Lessons from Death
I heard the news on a Friday that a pastor friend, Chuck Ryor, died in a tragic motorcycle accident.
Saturday was the six-month anniversary of losing a church member and friend, Tony Bianculli.
Sunday was the eigh-year anniversary of the death of my brother-in-law, Jonathan Bedell.
That weekend turned reflective for me, and it's taken some time to be ready to write this.
Here are three lessons I'm learning while processing missing my friends and family.
Lesson #1 - Life is Short
The Bible is clear on this point — Life is like a puff of smoke (Psalm 39:5; 144:4; Ecclesiastes 1:2; James 4:14).
We know this yet convince ourselves otherwise. For fear of death, we avoid, ignore, and trick ourselves into thinking that we and those we love won't face death.
Yet death comes to all and crashes all illusions. From dust, you came, and to dust, you shall return (Genesis 3:19).
Life's brevity teaches us to number our days and live to the fullest (Psalm 90:12).
Friends, you only have one life to live, love, and lead others toward Jesus. Let's make the most of it.
Lesson #2 - Grief is Hard on relationships
C.S. Lewis wrote in A Grief Observed,
“No one ever told me that grief felt so like fear. I am not afraid, but the sensation is like being afraid. The same fluttering in the stomach, the same restlessness, the yawning. I keep on swallowing. At other times it feels like being mildly drunk, or concussed. There is a sort of invisible blanket between the world and me. I find it hard to take in what anyone says. Or perhaps, hard to want to take it in. It is so uninteresting. Yet I want the others to be about me. I dread the moments when the house is empty. If only they would talk to one another and not to me.” - C.S. Lewis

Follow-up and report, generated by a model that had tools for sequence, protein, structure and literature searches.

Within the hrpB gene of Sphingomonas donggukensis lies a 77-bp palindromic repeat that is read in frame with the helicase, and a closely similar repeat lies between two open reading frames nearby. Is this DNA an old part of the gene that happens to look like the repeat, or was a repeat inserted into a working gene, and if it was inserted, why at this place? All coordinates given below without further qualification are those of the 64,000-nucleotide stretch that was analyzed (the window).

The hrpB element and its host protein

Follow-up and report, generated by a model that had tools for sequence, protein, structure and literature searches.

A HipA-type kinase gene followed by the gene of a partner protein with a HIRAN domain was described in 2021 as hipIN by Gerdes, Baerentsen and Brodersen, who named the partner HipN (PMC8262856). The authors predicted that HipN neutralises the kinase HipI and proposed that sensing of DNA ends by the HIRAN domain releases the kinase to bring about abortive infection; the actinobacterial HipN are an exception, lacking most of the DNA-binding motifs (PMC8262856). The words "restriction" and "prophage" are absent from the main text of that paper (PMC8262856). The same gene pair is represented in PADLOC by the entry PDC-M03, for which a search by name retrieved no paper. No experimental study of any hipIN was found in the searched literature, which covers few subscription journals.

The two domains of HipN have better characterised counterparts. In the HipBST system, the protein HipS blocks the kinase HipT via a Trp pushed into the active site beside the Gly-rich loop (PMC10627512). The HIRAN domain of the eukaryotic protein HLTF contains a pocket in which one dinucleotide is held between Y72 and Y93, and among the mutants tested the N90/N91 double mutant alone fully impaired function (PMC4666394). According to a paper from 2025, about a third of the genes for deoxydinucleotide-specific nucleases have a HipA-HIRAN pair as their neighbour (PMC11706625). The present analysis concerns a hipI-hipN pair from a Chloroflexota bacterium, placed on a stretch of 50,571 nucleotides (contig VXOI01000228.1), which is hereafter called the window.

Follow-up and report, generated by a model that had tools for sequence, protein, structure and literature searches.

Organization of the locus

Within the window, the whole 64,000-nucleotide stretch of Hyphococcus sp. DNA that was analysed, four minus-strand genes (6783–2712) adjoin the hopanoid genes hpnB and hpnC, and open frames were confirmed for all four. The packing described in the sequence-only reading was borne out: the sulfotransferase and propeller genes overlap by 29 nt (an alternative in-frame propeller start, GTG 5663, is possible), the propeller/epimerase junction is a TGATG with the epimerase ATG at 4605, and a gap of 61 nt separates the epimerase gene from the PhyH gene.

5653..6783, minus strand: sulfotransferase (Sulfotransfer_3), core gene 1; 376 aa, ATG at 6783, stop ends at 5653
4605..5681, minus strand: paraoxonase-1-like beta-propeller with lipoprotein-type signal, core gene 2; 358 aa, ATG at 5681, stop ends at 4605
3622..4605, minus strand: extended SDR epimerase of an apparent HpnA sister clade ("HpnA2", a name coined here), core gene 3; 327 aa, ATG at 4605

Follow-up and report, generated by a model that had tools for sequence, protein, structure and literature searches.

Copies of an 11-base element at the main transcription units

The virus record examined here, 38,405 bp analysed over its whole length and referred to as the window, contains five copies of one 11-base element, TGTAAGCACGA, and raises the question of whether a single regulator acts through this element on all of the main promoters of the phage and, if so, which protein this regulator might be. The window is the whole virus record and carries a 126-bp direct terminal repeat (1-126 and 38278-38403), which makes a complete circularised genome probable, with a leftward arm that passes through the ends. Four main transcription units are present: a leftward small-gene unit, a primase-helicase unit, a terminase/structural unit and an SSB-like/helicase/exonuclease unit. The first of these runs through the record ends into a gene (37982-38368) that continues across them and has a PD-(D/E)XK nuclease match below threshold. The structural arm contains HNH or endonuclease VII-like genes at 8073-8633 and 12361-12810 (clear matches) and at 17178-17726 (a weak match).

Grief is confusing.
At times, you simultaneously want to be alone and with people. Once you get your desired solitude or community, you don't know what to do with it.
The finality of relational separation from your loved one reverberates into all your others relationships — including your relationship with God.
Grief opens a door for us to walk further into the truth that "nothing can separate us from Christ" or to walk away from God (Romans 8:39).
Lesson #3 - Grief is Painful, but God is good
Grief comes in waves. At first, I resented this.
It seemed cruel for grief to sabotage me only to plunge me under again in the grocery store or the middle of a joy-filled conversation.
Yet over time, I've come to see the waves as a mercy.
Death is wrong (Ecclesiastes 3:11)! We feel death's wrongness in our bodies every time we think about losing someone to it.
Death is also too much for our souls to process all at once. God is good to lead us to mourn death incrementally.
Death and Jesus
One of the most natural questions after someone we love dies is Why.
Why didn't God stop this?
That question is impossible to answer. But here's what we do know from Scripture when death touches our lives:
God takes no pleasure in anyone's death (Ezekiel 18:32).
Jesus mourned Lazarus' death (John 11:35).
God puts an end to death once and for all at the cross (1 Corinthians 15:54-58).
God is near to the brokenhearted (Psalm 34:18).
God will make it all right (Revelation 21:3-5).
When grief comes to stay a while in your life, I pray that you (and I) might cling to our God who understands, conquered death at the cross, and will make it all right in the coming Kingdom.
Until then, may we honor those we've loved and lost by remembering, mourning, and learning from their life.
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